Wednesday, April 10, 2013

Thoughts on Where the 2016 Presidential Primary Rules Stand, Part Three

Future Changes to the Rules

Having set the baseline of 2016 delegate selection rules for both parties and having examined the pressing divides between those -- Democratic and Republican -- baselines, FHQ will now turn its sights in part three of this series on the possibility of change and what shape those changes may take.

[NOTE: Some of what follows relies on the reader being familiar with the discussions in the first two parts to this series of posts.]

The question of change to the national party rules guiding the 2016 delegate selection process in two competitive presidential nomination races is first dependent on a couple of things. The first is rules-based: Do each of the parties have the ability to alter their respective rules? The second is one of timing: When can rules changes be made?

As we have already described in some detail the rules that came out of the 2012 Republican National Convention in Tampa, FHQ will start there. Obviously, no major changes came out of the RNC winter meetings in Charlotte in January. But FHQ does not know that there was any widespread expectation of altering the rules at that meeting anyway. Rule 12 of the 2012 Rules of the Republican Party -- the rules that will govern the 2016 process -- give the RNC the latitude to make amendments to the rules between conventions; something that did not happen before the 2012 cycle. Again, as FHQ highlighted in the previous post, the bar is pretty high for changing the rules (a majority vote on the Rules Committee and a three-quarters vote among the full RNC membership). Whether the rules change or not, we can say that it takes the full RNC to make any changes which means that said changes will only occur at the regular meetings of the RNC. The group meets at least three times a year in accordance with Rule 8 and we furthermore know that the deadline for making changes is September 30, 2014. We can surmise for that that there are approximately four or five more RNC meetings before that time.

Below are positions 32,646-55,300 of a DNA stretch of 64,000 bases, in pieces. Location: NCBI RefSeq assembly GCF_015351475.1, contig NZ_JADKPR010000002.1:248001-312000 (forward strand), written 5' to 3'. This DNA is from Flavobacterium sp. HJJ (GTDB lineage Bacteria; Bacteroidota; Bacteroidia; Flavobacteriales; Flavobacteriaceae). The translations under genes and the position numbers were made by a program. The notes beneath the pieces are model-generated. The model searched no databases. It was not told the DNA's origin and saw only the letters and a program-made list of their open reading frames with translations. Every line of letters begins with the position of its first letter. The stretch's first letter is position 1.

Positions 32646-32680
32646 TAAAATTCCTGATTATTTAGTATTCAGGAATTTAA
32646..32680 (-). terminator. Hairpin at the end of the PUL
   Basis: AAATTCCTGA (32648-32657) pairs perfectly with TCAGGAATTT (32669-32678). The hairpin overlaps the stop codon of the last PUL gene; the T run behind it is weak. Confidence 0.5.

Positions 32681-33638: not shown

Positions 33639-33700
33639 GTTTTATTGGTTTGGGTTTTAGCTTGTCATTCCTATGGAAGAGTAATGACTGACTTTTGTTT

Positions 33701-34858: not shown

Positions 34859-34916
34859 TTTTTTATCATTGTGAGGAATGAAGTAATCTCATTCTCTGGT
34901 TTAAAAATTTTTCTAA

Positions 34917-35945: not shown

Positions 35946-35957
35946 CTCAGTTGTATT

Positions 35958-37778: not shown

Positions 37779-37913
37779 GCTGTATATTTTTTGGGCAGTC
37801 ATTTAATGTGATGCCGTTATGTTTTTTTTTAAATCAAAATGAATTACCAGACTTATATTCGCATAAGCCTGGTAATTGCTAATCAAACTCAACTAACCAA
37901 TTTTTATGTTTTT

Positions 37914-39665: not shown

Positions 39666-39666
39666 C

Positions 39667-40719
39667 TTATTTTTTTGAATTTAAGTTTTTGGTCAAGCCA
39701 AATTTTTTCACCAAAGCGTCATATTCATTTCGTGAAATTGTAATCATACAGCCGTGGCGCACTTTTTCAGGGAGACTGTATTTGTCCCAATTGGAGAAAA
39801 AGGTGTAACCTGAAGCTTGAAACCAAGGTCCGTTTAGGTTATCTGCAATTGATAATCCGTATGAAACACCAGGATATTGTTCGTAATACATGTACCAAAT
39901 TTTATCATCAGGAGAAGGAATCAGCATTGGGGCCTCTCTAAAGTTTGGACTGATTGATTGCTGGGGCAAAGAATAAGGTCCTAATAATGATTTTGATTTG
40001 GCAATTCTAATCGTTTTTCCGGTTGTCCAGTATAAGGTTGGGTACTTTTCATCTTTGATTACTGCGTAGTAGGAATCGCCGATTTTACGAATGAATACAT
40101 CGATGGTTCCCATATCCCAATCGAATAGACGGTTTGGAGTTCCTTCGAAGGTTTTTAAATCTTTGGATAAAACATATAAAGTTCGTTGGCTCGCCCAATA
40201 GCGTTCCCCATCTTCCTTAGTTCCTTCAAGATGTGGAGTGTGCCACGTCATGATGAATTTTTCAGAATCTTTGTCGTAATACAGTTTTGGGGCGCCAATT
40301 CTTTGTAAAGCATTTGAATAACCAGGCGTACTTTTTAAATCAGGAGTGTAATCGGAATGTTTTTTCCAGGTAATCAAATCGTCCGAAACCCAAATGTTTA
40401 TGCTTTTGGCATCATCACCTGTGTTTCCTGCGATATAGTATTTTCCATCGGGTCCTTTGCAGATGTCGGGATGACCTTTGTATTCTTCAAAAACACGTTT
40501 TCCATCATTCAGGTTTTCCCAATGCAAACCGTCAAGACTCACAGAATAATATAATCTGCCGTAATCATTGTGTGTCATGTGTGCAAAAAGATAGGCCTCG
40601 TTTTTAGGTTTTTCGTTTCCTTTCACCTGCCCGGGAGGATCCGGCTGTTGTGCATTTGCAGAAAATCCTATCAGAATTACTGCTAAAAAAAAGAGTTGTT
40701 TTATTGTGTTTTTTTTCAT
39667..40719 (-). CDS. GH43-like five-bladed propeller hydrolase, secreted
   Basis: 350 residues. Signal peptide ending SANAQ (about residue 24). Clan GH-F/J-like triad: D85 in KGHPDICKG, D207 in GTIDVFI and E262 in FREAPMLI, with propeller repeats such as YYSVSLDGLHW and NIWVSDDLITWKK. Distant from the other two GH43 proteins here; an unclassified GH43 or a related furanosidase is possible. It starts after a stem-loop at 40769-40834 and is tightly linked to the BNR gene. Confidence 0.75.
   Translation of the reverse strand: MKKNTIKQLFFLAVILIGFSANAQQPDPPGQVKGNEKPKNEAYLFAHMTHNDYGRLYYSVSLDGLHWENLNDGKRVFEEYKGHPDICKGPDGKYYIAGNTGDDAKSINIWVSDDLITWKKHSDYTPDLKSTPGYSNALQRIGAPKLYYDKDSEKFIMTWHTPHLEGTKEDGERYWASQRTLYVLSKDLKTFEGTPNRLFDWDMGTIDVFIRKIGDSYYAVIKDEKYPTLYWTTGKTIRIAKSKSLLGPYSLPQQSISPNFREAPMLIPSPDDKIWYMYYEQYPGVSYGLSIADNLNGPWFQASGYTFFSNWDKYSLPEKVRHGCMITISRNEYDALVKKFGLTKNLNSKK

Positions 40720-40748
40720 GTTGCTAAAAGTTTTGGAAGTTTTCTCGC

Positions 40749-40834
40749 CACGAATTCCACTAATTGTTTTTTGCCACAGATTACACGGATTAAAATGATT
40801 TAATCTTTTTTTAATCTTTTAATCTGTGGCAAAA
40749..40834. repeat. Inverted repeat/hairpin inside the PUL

The DNC set up is similar, though there is less guidance in the party's bylaws about what constitutes a winning coalition on any amendment before either the Rules and Bylaws Committee or the full Democratic National Committee. [One would assume a simple majority is sufficient.] The DNC does meet at least two times a year according to Article II, Section 7 of the party bylaws.

Opportunities for change aside, the groundwork was laid in Charlotte to potentially make changes to the Republican rules at the spring meetings this week in Los Angeles. What that entails is a more difficult question to answer. Here also there are two matters to consider.

First, the Growth and Opportunity Project report has been released in the time since the RNC winter meeting. Now, as FHQ mentioned in reaction to the report, the provisions on the presidential nomination process contained deep in the document amounted to some rather sweeping changes to the delegate selection process. These are long-term and potentially controversial/divisive changes. And while there may be some discussion of the G.O.P. report during a lengthy Rules Committee meeting on the agenda for this afternoon, the debate and actual changes -- should any emerge from this gathering -- are likely to center on other matters.1

What other matters? Well...